110 To Honor 9/11
Today is a day to honor those who gave their lives to save others in the 9/11 attacks. So many people lost their lives doing what they do everyday. These people were going to work to support their families. These people were moms, dads, brothers, sisters, daughters, firefighters, service men and women, first-responders, police officers and the list could go on. We all think about the people that made the sacrifice that day.
On September 2nd, Danielle and I were asked to join an event at the University of Arkansas to do a “9/11 Memorial Stair Climb” with the Army ROTC on Campus. Although, we would have LOVED to do it, we knew it would not be something we could complete all in one day. We decided to honor them in our own way. That day, we decided to start walking as many flights of stairs per day as we could to eventually get to 110 flights of stairs by 9/11. We posted about it that day that we would do 110 flights by 9/11. Today, as we were walking up our last flights of stairs we realized it was about the same time the last tower fell. This was a way that we could show our respect and honor all of those who lost their lives and family members.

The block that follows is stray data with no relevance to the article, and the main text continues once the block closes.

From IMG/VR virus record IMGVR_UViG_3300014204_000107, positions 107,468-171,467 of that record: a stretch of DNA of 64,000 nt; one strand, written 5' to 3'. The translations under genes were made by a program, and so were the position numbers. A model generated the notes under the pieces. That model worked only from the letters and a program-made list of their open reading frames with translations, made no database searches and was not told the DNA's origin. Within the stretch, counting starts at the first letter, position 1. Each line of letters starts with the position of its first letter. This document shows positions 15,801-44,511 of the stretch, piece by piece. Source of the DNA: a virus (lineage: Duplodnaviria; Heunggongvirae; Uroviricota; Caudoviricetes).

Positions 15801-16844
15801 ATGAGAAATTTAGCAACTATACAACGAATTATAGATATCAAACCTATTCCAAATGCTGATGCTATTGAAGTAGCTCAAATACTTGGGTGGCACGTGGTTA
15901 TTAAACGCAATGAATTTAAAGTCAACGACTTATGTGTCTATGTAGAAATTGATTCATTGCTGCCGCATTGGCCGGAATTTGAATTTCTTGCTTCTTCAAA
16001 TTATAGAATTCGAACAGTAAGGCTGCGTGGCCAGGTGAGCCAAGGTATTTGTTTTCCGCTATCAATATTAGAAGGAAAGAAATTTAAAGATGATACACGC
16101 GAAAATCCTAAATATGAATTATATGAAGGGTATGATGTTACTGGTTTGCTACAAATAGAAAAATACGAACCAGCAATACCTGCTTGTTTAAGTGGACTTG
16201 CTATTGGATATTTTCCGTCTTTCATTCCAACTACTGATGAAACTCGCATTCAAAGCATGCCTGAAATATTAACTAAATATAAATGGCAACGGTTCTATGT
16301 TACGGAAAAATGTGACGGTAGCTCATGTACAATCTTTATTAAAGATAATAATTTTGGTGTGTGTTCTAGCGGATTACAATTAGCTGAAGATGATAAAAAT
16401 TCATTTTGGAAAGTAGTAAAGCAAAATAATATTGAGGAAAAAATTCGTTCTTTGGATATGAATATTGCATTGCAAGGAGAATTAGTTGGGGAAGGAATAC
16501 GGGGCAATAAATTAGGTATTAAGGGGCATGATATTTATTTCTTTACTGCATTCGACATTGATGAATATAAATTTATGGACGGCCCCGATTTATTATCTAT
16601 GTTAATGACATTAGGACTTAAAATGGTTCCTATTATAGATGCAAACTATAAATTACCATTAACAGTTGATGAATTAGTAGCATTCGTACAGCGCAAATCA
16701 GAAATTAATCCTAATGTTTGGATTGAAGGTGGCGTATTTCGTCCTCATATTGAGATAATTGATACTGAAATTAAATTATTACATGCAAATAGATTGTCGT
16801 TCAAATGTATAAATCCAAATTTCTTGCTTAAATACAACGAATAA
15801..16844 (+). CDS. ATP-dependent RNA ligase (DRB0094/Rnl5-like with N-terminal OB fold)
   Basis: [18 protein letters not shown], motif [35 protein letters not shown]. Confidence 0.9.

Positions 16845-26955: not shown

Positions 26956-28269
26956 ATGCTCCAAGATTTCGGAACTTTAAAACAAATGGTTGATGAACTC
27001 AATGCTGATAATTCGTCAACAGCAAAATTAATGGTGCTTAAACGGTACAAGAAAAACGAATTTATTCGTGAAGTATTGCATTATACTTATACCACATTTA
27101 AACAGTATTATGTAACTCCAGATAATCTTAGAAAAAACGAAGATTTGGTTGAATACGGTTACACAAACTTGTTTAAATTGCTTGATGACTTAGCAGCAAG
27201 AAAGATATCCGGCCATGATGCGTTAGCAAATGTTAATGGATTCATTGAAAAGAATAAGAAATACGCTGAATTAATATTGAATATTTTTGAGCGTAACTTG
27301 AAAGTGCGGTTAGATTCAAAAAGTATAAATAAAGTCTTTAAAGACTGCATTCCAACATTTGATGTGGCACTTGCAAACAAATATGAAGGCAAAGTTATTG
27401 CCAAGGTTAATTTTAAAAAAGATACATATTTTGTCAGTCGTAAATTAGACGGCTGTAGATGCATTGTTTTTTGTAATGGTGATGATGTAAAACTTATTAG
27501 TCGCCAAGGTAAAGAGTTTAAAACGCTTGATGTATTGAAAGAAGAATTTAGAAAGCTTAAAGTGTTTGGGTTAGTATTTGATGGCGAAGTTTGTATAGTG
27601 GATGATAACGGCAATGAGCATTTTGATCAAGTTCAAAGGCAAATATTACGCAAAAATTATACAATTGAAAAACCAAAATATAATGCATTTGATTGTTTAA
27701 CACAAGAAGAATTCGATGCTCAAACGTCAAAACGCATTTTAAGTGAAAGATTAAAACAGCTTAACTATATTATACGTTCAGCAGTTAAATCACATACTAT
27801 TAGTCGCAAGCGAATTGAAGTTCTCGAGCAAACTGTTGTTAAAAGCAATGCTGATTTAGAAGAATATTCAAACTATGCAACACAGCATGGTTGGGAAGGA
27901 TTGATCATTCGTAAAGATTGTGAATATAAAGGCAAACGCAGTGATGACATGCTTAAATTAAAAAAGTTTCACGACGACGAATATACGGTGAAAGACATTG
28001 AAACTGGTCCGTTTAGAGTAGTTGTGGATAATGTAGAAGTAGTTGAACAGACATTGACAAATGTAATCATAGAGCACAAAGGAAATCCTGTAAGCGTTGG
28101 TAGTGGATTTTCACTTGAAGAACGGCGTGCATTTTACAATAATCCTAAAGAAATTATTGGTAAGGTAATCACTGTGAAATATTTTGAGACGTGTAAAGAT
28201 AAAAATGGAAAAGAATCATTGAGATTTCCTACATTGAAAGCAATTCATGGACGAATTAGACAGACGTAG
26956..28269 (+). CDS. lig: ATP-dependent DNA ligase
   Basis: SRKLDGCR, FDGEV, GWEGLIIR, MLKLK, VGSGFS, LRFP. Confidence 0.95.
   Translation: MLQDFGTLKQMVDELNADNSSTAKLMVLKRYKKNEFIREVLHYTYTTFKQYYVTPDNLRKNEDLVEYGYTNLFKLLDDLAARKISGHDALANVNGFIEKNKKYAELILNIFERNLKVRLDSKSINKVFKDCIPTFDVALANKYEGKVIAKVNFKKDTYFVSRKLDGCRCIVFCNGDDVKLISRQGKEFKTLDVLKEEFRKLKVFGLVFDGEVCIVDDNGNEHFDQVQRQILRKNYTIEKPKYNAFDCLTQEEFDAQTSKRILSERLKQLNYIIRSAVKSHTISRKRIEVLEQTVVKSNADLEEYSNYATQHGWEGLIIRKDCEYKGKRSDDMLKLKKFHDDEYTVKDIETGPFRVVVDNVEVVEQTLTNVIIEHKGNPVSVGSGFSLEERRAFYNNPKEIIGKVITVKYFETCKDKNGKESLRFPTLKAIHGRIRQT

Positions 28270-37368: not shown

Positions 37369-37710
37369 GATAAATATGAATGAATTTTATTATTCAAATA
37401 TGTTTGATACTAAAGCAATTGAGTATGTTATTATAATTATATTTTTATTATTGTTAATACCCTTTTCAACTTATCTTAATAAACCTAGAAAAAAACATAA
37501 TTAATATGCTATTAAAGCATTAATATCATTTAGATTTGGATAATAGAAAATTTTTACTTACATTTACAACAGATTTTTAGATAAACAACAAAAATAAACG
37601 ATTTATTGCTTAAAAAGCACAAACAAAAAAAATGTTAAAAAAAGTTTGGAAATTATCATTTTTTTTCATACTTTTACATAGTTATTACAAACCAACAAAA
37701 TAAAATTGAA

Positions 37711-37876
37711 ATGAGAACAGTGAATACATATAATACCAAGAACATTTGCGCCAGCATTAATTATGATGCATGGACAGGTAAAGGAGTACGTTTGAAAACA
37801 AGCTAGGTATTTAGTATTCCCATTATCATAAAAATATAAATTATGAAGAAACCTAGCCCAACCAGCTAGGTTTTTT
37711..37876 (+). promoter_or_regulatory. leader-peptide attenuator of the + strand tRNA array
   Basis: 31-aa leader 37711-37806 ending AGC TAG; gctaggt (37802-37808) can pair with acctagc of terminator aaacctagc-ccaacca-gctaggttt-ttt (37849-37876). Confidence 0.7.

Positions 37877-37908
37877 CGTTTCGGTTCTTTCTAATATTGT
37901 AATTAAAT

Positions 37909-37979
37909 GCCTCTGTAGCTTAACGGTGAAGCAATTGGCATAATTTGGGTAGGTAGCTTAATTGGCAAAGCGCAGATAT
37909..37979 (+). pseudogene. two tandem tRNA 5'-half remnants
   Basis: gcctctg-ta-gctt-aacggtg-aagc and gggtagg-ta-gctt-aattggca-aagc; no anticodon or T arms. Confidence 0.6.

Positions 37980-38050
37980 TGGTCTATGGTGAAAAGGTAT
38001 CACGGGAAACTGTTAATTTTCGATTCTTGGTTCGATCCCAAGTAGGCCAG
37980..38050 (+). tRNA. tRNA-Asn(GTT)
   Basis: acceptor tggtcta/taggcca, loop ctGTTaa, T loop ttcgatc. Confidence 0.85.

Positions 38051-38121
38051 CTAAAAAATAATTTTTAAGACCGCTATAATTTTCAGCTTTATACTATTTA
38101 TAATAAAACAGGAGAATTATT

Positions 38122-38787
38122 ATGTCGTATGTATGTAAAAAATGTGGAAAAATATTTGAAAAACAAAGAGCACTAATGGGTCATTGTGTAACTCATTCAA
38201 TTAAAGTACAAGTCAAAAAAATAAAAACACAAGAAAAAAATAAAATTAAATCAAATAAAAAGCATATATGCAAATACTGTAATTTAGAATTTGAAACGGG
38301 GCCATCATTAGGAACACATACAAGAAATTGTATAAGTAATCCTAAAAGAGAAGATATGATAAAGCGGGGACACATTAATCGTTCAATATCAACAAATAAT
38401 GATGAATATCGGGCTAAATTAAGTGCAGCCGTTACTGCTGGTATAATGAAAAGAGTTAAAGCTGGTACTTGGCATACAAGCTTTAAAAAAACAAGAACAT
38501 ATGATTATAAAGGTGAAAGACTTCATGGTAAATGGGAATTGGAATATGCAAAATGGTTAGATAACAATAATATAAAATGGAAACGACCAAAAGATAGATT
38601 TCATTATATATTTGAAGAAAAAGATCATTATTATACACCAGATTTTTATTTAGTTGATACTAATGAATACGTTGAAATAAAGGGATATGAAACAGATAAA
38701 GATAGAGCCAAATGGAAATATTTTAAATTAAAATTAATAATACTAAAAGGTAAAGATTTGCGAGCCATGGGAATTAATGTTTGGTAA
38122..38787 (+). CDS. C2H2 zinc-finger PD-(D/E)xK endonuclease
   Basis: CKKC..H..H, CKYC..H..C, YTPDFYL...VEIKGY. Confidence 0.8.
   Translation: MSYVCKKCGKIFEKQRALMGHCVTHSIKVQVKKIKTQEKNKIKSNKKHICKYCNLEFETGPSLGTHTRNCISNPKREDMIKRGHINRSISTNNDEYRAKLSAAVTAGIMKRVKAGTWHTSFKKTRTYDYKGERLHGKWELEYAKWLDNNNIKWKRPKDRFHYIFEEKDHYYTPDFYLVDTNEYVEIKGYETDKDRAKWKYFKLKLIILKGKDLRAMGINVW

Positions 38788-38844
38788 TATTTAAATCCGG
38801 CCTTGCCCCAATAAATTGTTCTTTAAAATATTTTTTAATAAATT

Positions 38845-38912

As we were walking up those stairs, I felt tired and sore. But, knowing how much gear and equipment those rescuers were wearing to get to all of these people, I knew I had to keep going. My pain was nothing compared to what they felt at the time or what their families feel now.
A friend of the 2 Sweat Bees had posted something today that kind of stuck with me:
“When people say “never forget” what they maybe should mean is “honor those lost” because to never forget when someone hurts you is to lack the trait of forgiveness. Living in that past and hating others for what they have done to you doesn’t hurt them any, it just eats at you and in the end you do things for revenge, or whatever justification you want to conjure, that are no better than what was done to you to begin with. So take the time today to talk to a survivor, or thank a firefighter, or cry/remember someone you lost, because in honoring those people and moving forward with our lives we are more victorious over terror than we ever can be by fighting wars or killing terrorists.” – Cooper Blackwood